In order to completely understand the complex politicaldynamic of Brazil, it’s important to evaluate the context of this conflictthrough a historical lens. Joao Goulart wasdemocratically elected in 1963 to a country that had many social issues, andwas fairly divided politically. After being elected, Goulart nationalizedprivate oil refineries, which was perceived as a move towards communism bycountries like the United States during a period when the region wasparticularly volatile to communist influence. This new political directiongreatly concerned the Brazilian military as they believed this leftward movewould significantly damage foreign relations with democratic allies, especiallythe United States1.In the following year, the military established a coup against Goulart, whogave up his post with little resistance to limit the impending violence if hewere to refuse to concede the presidency. After the coup, Brazil embarked on arepressive dictatorship led by Castello Branco, and followed by Artur Costa eSilva in 1968 that was focused on limiting free speech and politicalopposition, while establishing a narrative of anti-communism and nationalismwithin the regime. Similar to other repressive regimes around the world, thegovernment of Brazil all but censored the media, and intimidated groups thatspoke out against injustices committed by the government, which limited theability for any political dissident of the regime to voice any formal opinion. Brazilenacted many institutional acts that were focused on political purges,persecution of subversives, limiting elections, outlawing political parties,suspension of congress, and expanded presidential powers2.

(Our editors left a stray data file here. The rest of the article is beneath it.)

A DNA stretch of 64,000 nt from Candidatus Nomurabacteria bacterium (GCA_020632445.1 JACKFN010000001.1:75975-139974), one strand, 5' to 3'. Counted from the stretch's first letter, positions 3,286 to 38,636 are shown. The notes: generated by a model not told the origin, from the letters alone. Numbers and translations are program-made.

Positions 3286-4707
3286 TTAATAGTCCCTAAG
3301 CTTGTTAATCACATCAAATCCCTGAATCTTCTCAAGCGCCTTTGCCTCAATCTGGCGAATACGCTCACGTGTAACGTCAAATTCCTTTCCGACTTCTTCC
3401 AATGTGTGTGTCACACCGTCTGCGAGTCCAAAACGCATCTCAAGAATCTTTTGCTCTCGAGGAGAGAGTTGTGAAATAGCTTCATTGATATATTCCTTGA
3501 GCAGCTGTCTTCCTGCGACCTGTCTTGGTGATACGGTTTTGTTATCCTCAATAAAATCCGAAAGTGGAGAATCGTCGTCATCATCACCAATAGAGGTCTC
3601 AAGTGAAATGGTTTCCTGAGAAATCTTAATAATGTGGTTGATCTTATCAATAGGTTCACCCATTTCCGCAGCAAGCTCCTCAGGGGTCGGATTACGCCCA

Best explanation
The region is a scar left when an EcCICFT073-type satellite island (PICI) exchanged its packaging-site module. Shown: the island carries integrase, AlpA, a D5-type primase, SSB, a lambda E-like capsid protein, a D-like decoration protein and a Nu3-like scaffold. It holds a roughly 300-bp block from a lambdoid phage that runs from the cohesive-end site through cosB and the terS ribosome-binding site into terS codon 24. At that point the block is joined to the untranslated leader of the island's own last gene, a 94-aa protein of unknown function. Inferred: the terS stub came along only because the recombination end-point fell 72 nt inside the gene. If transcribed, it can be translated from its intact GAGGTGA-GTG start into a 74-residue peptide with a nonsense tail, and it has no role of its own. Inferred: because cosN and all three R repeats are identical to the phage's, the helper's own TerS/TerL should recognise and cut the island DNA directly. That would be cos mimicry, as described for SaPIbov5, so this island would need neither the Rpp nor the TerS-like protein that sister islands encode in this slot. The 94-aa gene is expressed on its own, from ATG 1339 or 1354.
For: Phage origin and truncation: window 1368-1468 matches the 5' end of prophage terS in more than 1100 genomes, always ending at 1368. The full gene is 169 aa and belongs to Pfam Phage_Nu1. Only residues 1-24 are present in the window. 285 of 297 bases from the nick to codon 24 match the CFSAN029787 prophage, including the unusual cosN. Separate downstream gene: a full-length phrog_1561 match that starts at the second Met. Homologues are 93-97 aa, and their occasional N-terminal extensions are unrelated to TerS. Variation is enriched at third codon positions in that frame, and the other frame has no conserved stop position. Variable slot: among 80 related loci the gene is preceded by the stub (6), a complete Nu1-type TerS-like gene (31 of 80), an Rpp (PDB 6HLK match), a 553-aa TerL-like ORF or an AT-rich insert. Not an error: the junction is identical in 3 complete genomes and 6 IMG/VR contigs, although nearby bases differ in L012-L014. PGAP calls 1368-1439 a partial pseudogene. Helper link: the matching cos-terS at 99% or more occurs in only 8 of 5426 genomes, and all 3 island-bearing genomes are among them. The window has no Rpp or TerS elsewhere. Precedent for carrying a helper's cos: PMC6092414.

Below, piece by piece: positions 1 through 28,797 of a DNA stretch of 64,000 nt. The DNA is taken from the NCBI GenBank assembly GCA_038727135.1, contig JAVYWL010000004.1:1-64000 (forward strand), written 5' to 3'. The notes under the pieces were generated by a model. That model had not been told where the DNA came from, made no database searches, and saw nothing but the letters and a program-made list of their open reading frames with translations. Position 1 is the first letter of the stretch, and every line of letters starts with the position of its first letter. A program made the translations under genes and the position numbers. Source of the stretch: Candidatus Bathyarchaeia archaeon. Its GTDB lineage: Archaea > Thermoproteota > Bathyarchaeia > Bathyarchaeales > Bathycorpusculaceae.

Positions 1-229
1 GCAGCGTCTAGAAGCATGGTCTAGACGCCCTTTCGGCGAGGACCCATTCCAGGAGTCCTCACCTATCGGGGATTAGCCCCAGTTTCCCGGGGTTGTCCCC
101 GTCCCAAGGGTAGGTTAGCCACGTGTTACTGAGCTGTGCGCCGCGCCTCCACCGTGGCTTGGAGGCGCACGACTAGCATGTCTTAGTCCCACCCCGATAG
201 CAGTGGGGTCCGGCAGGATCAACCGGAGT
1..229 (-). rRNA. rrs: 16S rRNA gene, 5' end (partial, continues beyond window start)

Brazilhas a unique history in regards to the balance of power between the populationand the government. The military regime in Brazil spent a significant amount ofresources to repress opposition movements in Brazil, and it was largelysuccessful, maintaining control over the media and installing a multitude oflaws meant to retain power, which has left a mark on Brazilian culture andpolitics into the modern day. However, the União Nacional dos Estudantes(National Union of Students or UNE) hada significant role in aiding Brazil’s slow transition to democracy. Firstly,the UNE acted as a safeguard for democracy and free speech, slowly growing andmaintaining a support of democracy within the Brazilian population. The UNEhelped to provide levels of transparency within a country whose press wascompletely monopolized by a repressive regime.

Furthermore, the UNE was largelyresponsible for mobilizing the population and various political groups andintellectuals that catalyzed the democratization of Brazil. Ultimately, while it is valid to assertthat Brazilian tactics to repress the population and media were largelysuccessful in suppressing the democratization of the country for over twodecades, the student movement in Brazil served as a stronghold of democracy intimes of great repression, and eventually mobilized a plethora of differentsocial and political groups within Brazil, to the point where the regimecouldn’t repress them further.